Following several hours of last-minute work by GOP and Democratic negotiators, Reid shortly before 6 p.m. Tuesday motioned to bring a series of 26 amendments — 13 Democratic amendments, 12 Republican amendments and a manager’s amendment — to the floor for one hour of debate.
Sen. Jim DeMint (R-S.C.) objected to the unanimous consent agreement, which prompted Reid to propose first providing an hour and a half of debate on each amendment, and then two hours of debate on each.
Sen. Tom Coburn (R-Okla.), DeMint’s ally, also objected to that proposal, explaining that “no amount of time” would be acceptable if conservatives were not afforded the chance to propose amendments as part of their “rights as Senators of the United States of America.”
In response, Reid pulled the trigger on the “clay pigeon” — a tactic that allows Reid to dictate the number of amendments, the debate time allotted for each amendment and when votes will occur on each amendment.
Reid dropped a 373-page amendment that combined all 26 proposals into one measure. DeMint, with Coburn and fellow conservative Sen. John Cornyn (R-Texas) looking on, objected to a motion by Reid to dispense with the required reading of the amendment, forcing a chunk of the massive tome to be read on the floor before action halted for the day. Conservatives vowed Tuesday night to look for ways to counter Reid on the floor today.
Although a senior GOP leadership aide said “there might be a few amendments, which if they pass, could make some Members seriously reconsider” their support for the bill, few if any appear at this point to rise to the level of “killer” amendments that could undermine the “grand bargain” compromise.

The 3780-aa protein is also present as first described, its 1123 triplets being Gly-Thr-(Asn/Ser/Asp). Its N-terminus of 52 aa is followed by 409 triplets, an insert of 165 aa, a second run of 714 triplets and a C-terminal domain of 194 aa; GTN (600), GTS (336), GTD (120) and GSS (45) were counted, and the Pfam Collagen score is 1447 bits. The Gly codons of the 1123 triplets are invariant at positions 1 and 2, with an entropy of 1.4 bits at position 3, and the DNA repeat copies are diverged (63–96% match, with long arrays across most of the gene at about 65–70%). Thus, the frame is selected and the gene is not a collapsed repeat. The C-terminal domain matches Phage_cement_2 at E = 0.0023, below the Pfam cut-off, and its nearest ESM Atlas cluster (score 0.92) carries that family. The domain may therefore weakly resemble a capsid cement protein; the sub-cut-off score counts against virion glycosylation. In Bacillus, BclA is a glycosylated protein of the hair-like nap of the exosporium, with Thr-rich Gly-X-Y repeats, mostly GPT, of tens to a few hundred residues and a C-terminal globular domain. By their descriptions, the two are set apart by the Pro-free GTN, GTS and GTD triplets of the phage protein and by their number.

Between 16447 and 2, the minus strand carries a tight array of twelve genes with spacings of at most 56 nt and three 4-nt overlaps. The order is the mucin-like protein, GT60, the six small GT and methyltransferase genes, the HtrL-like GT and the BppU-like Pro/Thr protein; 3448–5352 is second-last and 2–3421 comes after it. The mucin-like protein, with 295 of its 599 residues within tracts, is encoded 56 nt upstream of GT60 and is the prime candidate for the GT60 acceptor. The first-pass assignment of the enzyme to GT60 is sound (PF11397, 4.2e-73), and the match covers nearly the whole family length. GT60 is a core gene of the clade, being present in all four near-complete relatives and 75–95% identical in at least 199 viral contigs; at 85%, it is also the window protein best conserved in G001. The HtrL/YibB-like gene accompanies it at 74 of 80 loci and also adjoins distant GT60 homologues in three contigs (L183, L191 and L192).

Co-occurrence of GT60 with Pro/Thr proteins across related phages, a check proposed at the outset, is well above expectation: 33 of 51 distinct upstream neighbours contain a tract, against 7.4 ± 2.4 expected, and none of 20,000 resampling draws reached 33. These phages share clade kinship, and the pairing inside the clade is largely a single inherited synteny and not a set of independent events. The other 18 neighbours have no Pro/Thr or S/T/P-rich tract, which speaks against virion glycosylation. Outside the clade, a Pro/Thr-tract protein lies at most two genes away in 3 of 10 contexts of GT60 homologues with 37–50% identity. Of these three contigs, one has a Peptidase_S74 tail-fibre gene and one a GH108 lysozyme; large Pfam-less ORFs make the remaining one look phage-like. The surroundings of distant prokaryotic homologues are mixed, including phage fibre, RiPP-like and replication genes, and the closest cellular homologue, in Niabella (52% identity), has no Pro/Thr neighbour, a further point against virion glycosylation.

The commanding issue for conservatives is any provisions that provide a path to citizenship for the estimated 12 million illegal immigrants already residing in the United States. Reid defended the merits of the bill Tuesday.
“We’ve got a pathway to legalization in this bill, which is very fair,” he said. “It does a good job making sure that people who want to become citizens speak English — not only speak English, but they pay taxes. They work, they stay out of trouble, they pay penalties and fines and go to the back of the line. That seems certainly fair to me.”
Reid said that if the Senate can work through the amendments and get cloture on the bill Thursday, they will wrap up the bill before adjourning for the July Fourth recess. “If cloture’s invoked, this bill will be finished before we go,” Reid said.
If the Senate is successful, a spokesman for Speaker Nancy Pelosi (D-Calif.) said the goal is for the House to move on immigration when the House returns from the recess.
Rep. Zoe Lofgren (D-Calif.), a key player on immigration, said the Conference resolution was not surprising but is unlikely to affect the game plan in the House.
“You’d be hard-pressed to find very many people in America who support the Senate bill, including House Republicans and House Democrats,” she said, adding that if the Senate can complete the bill this week the House will move quickly.
“Our mission is to have a bill that will be better” than the Senate version, she said.